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Landlords spending thousands on flowers to create ‘Instagram friendly’ pubs to boost trade

Landlords spending thousands on flowers to create ‘Instagram friendly’ pubs to boost trade

 

King's Head in Kent

Instagram is transforming the exteriors of Britain’s pubs with landlords spending thousands of pounds to create ‘selfie friendly’ premises in a bid to boost trade.

The social media site has become an important advertising platform for businesses, with new customers even using Instagram to find a new venue.

Landlords say they are investing in floral displays and decorations to encourage customers to post pictures of their pub and encourage their friends to visit.

James Keogh, General Manager of The Churchill Arms in Kensington, told the Sunday Telegraph: “People see how beautiful the pub flowers are on Facebook and Instagram and make it a priority to come and see us.”

He said the pub spends in the region of £30,000 a year on its floral displays, and as one of the pioneers of flower festooned establishments, beginning in 1986, it has gone above and beyond to drive social media buzz.

Hanging baskets are adapted each season, this year they chose to create a wedding wonderland dedicated to Harry and Meghan. While during the festive season visitors can expect to capture a total of 90 lit-up Christmas trees.

Kensington's Churchill Arms are adapts its floral displays each season - this year they chose to create a wedding wonderland dedicated to Harry and Meghan. During the festive season visitors can expect to capture a total of 90 lit-up Christmas trees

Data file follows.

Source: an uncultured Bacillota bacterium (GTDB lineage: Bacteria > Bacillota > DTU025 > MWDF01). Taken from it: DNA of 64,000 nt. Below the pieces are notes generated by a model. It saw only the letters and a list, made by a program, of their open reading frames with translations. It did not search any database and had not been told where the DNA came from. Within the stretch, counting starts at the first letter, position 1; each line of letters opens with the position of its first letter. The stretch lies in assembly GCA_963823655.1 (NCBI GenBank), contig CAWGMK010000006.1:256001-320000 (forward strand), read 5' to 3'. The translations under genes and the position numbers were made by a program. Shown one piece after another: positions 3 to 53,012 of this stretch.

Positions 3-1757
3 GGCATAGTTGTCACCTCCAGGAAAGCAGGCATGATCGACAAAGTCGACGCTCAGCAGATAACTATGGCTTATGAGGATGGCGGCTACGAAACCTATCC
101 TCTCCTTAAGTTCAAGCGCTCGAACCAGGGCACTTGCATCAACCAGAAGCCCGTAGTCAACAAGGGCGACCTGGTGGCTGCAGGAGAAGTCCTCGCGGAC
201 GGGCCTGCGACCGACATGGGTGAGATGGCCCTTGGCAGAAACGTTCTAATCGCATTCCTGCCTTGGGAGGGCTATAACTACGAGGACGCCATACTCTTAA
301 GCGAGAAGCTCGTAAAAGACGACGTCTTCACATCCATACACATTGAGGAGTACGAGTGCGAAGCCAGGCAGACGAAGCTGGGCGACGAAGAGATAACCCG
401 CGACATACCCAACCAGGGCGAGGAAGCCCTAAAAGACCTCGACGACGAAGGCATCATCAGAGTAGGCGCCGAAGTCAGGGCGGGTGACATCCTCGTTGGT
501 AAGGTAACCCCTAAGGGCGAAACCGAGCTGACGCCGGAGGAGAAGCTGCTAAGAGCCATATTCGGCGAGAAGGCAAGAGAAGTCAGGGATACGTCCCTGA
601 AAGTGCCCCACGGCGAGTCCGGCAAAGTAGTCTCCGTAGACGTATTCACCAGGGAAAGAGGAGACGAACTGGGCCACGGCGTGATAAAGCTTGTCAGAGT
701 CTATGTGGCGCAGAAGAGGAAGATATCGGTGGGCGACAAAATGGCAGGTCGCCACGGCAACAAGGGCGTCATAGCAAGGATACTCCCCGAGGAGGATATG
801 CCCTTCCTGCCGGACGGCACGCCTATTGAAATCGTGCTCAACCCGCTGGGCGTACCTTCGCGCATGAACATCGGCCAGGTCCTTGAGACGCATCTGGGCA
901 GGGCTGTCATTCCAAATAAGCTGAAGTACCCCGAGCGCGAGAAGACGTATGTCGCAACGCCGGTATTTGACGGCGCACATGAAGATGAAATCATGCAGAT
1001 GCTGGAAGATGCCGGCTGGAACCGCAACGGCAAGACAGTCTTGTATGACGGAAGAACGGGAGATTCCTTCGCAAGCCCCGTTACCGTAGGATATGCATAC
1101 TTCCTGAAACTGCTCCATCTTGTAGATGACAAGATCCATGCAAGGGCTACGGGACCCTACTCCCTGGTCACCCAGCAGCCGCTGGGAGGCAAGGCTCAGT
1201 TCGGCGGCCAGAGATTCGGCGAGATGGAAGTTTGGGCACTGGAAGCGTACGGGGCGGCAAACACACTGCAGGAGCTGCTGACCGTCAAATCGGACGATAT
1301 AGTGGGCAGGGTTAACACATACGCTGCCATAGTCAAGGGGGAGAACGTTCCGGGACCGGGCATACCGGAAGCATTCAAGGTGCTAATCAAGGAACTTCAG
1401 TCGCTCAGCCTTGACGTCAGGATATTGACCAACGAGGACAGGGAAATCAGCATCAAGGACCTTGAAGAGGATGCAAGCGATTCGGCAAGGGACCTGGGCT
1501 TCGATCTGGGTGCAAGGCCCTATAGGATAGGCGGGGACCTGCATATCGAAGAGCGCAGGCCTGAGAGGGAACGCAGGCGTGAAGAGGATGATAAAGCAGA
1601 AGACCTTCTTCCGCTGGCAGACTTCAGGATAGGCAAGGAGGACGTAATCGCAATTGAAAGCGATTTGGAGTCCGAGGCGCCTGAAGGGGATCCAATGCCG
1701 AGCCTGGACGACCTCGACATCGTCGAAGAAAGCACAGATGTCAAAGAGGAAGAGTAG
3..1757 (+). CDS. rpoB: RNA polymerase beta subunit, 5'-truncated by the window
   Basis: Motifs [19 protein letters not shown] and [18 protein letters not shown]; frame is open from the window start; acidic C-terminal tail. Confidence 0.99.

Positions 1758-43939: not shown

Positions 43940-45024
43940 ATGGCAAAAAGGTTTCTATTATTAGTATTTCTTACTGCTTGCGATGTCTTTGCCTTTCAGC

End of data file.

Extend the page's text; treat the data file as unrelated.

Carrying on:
”There is no doubt that the flowers are good for business. They bring customers in to the pub and the photos of them on Instagram highlight our business. “It’s a great way of advertising and a positive way of driving sales.’

Israeli tourist Adva, 35, told the Sunday Telegraph: ”I always look on social media for places to visit when I’m in London. ”If I see something that will look good in a selfie on Instagram, it definitely influences me.”

The Masons Arms in Marylebone has quickly adapted to the public’s growing appetite for Instagrammable moments, frequently re-working their flower displays to reflect events trending on social media.

”We always carry out some sort of theme with the flowers. This year with the world cup our theme was obviously the St George Flag. ”We spend about £24k a year on flowers, but we definitely make our money back on custom. ”All the posting on Facebook and Instagram definitely brings in extra trade, the pub is becoming a landmark,” said manager Alistair Gentleman.

The Churchill Arms in Kensington 

The fashion is expanding beyond London’s borders, Graham Stiles publican at the Kings Head in Kent said: “I was inspired by the pubs in London, they do it incredibly. I can’t believe the amount of people who take photos outside. ”It costs £3,000 a year but it’s had a huge impact on custom, all the young people look for places on Instagram.”

Though there have been calls to end what many see as ‘performative leisure’ The Churchill Arms’ James Keogh sees no signs of the trend dying, he said: “We get so many people taking selfies, we are photo heaven and Instagram gold.” 

Hertfordshire pub The Hollybush has featured on countless compilations of Britain’s prettiest pubs. Its sprawling wisteria is so popular with Instagram users Landlady Vanessa Williams was worried when it had to be cut back.

The Masons Arms in Marylebone

”Instagram is massive and a lot of people take photos of the pub.  When we had to cut the Wysteria back we were worried that it might become damaged, particularly as it is what attracts so many to the Hollybush. ”We have a gardener that comes twice a year from Cornwall.  It costs quite a lot of money, but our Wisteria helps to bring in business,” she said.

While traditionally brands grew trade from mainstream advertising, now they need shares, likes and conversations on social media.

Nicola Kemp, trends editor at Campaign, said: ”Instagram is a phenomenal shopping cart we can look at what our neighbours are doing and see what brands they are interacting with. ”It’s set design, businesses recognise they have to create theatre to drive trade to them.”

Original post from Telegraph

Publication date: August-04-2018

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